I’d gotten over those once I realized what I’d done. We’d stayed friends. She was wonderful. And beautiful. And brilliant. And kind. And vivacious – more so than anyone I’d met until then.

She was also, in retrospect, self-centered, self-loathing, emotionally masochistic and a drama queen. None of these lessened the qualities above, though they would eventually take their toll on them – especially the last. I wasn’t in love, but I loved her. (I still do, though my hope for her eventual happiness has waned over the years.)

She’d introduced me to The Birthday Massacre, and as with so many things at the time, we both loved them. We'd been to one of their concerts before, in slightly better times between us. This time, we ran into one another a few blocks before the theater.

We were almost certainly the oldest people there (she 30, I 36), except maybe that one guy in the Spiderman tee shirt. Most of them were teenagers, maybe a little older. Well, it was an all-ages show, I guess that’s what you get.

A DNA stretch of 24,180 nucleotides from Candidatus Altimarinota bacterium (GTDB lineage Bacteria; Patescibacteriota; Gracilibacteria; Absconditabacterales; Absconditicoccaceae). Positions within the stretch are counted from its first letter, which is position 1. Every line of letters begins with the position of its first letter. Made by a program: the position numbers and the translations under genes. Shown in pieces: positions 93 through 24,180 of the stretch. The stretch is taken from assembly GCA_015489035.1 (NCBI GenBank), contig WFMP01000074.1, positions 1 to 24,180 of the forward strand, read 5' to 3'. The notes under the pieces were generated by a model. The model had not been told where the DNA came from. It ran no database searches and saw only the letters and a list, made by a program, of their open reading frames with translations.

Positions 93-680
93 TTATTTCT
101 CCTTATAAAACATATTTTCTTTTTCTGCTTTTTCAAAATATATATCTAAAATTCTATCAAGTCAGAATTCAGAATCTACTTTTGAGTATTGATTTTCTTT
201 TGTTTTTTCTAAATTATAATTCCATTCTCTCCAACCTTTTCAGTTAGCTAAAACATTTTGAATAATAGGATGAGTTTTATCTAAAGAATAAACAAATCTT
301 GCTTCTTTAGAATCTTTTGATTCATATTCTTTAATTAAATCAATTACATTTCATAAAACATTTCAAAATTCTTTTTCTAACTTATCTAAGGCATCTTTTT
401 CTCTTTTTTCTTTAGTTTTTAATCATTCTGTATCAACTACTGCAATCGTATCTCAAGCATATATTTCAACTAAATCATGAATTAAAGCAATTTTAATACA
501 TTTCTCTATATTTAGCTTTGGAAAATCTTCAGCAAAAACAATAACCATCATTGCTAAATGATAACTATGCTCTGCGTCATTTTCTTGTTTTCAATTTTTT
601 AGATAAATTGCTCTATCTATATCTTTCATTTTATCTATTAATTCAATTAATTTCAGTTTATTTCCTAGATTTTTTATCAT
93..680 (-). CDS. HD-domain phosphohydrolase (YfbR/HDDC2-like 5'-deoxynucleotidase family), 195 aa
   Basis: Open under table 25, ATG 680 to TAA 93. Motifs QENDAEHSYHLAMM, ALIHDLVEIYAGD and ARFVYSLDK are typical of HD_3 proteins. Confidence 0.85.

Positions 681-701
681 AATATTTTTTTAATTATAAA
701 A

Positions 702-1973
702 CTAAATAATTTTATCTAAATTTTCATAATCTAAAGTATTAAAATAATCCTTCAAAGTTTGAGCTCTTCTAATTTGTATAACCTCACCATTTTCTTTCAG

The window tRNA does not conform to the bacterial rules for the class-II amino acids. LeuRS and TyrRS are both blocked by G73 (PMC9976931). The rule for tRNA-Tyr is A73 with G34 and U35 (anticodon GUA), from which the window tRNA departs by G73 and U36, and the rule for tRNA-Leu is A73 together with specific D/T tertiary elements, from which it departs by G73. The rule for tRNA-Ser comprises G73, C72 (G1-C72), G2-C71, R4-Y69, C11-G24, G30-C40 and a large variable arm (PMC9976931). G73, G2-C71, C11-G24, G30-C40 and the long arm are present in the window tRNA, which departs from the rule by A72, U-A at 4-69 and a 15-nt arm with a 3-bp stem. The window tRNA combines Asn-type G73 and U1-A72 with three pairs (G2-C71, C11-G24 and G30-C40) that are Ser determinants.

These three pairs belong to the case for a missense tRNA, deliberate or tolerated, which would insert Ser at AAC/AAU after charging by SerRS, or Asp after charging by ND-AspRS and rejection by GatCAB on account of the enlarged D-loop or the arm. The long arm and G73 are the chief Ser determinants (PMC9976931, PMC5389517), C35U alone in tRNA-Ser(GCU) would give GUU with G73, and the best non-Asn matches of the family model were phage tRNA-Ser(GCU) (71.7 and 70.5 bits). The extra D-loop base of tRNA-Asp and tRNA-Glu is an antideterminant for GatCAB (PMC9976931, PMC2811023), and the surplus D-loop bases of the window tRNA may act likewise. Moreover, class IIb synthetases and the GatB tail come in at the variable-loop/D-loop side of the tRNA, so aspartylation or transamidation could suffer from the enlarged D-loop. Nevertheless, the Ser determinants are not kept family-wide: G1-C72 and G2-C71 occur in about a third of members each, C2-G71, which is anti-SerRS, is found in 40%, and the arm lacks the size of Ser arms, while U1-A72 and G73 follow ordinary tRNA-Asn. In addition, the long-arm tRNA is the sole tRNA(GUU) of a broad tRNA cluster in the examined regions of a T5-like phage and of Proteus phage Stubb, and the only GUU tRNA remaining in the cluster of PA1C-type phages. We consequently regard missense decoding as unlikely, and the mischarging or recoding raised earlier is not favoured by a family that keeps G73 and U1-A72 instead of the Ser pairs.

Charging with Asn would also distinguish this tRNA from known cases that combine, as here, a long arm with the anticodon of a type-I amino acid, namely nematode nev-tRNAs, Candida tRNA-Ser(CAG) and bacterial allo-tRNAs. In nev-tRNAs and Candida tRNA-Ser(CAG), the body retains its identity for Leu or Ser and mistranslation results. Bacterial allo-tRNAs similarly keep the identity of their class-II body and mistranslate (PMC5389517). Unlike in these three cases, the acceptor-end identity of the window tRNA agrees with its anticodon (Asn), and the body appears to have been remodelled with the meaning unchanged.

But we held an advantage; we were able to buy alcohol. And we discovered that there were tables with seats, but there was a $30 minimum, and we knew we were going to knock back at least 5 each by the end of the night, so we got ourselves a table.

We laughed at the first band because their sound sucked; I discovered it genuinely sounded better with my fingers in my ears, filtering out the extraneous noise.

The second band was better. Creature Feature. I still like them, in small doses.

Then TBM came out. They were the main event. They went through their last two albums. We sang along with most of them. When Redstars came on, I noticed she was crying through it (I don’t know exactly what memory that triggered for her, but I have ideas). I gave her a cocktail napkin that she used to dry her eyes.